1:09:16.6 DM: I have googled it because I [unclear speech].

1:09:19.1 PA: That’s acceptable, that’s acceptable.

1:09:21.1 DM: Thank you, thank you. So the principals here, it says, Because I love these so I’ll read them anyway. Start within, is number one. Is, I pledge to ground my work in the field with work on myself and to treat personal growth as a lifelong process. And I think that’s huge because that’s essentially what those of us fear that they fear, the explosion of psychedelics is that people who aren’t even working on themselves, who are just… I don’t know, money hungry or whatever. That’s our fear, right? That these precious medicines get into the hands of people that maybe are operating without a conscience. And so I think that’s what we’re hoping is that everybody working with these is doing their own work. Number two, is study their traditions, like we were talking about with the different Amazon lineages etcetera. And number three is build trust, which is: I pledge to invest in building trust in my relationships across the psychedelic field and repair trust where possible. I love that. We don’t want people to come into our forum for example, and talk disrespectfully to each other, no, that’s not gonna happen.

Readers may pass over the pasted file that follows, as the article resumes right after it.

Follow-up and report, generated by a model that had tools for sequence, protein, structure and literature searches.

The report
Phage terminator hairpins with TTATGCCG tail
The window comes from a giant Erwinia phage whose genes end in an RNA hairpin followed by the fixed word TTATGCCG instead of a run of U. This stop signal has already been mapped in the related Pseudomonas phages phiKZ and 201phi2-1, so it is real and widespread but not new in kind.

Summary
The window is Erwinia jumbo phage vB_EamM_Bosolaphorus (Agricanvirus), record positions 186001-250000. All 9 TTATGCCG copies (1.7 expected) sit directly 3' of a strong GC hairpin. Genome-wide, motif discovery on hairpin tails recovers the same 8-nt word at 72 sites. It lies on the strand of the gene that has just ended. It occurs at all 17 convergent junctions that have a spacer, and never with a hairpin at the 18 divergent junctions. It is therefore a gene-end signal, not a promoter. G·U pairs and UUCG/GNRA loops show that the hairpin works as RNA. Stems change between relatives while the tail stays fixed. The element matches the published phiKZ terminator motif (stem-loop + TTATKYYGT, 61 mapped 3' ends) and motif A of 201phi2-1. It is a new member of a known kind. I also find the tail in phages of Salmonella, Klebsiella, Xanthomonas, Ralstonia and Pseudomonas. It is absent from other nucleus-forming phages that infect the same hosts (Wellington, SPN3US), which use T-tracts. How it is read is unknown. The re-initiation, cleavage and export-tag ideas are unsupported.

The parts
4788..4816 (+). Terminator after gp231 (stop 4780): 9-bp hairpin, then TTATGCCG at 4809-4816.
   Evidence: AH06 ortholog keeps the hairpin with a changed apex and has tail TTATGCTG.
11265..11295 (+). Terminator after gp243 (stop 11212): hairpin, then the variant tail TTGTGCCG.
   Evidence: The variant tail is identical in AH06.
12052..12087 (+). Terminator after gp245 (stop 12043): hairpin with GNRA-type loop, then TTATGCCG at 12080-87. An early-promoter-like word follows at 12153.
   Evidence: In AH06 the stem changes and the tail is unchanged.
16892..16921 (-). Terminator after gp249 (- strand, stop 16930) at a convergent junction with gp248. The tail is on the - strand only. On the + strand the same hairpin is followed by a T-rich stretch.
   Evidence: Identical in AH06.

1:10:21.4 DM: You have to be a community of trust in our forum and in our association. And number four is, consider the gravity. I pledge to consider the implications of the choices that I make. That’s what you and I were just talking about. The gravity of what we’re doing, we have to have people that are grounded in those kinds of considerations and not just like, Oh, I can make a quick buck putting up a Ketamine therapy center. I’m gonna do it that right there. Number five is focus on process, and it says, I pledge to make the processes as important as the outcome. Number six is create equality and justice, and this is one of our highest principles. We have a Diversity and Inclusion person, May. She came to us from Numinus, she helps us with that. We have Kwasi Adusei who’s come on to our board to help us increase access to diverse communities, that is a big push for us, and we’ve always said, “If anybody, in a diversity or not needs a membership, please come to us ’cause we do not… We want this to… We want this, number six, create equality and justice to be a big focus for us because we don’t want psychedelic medicines to be another thing that the privileged are the only ones who have access to.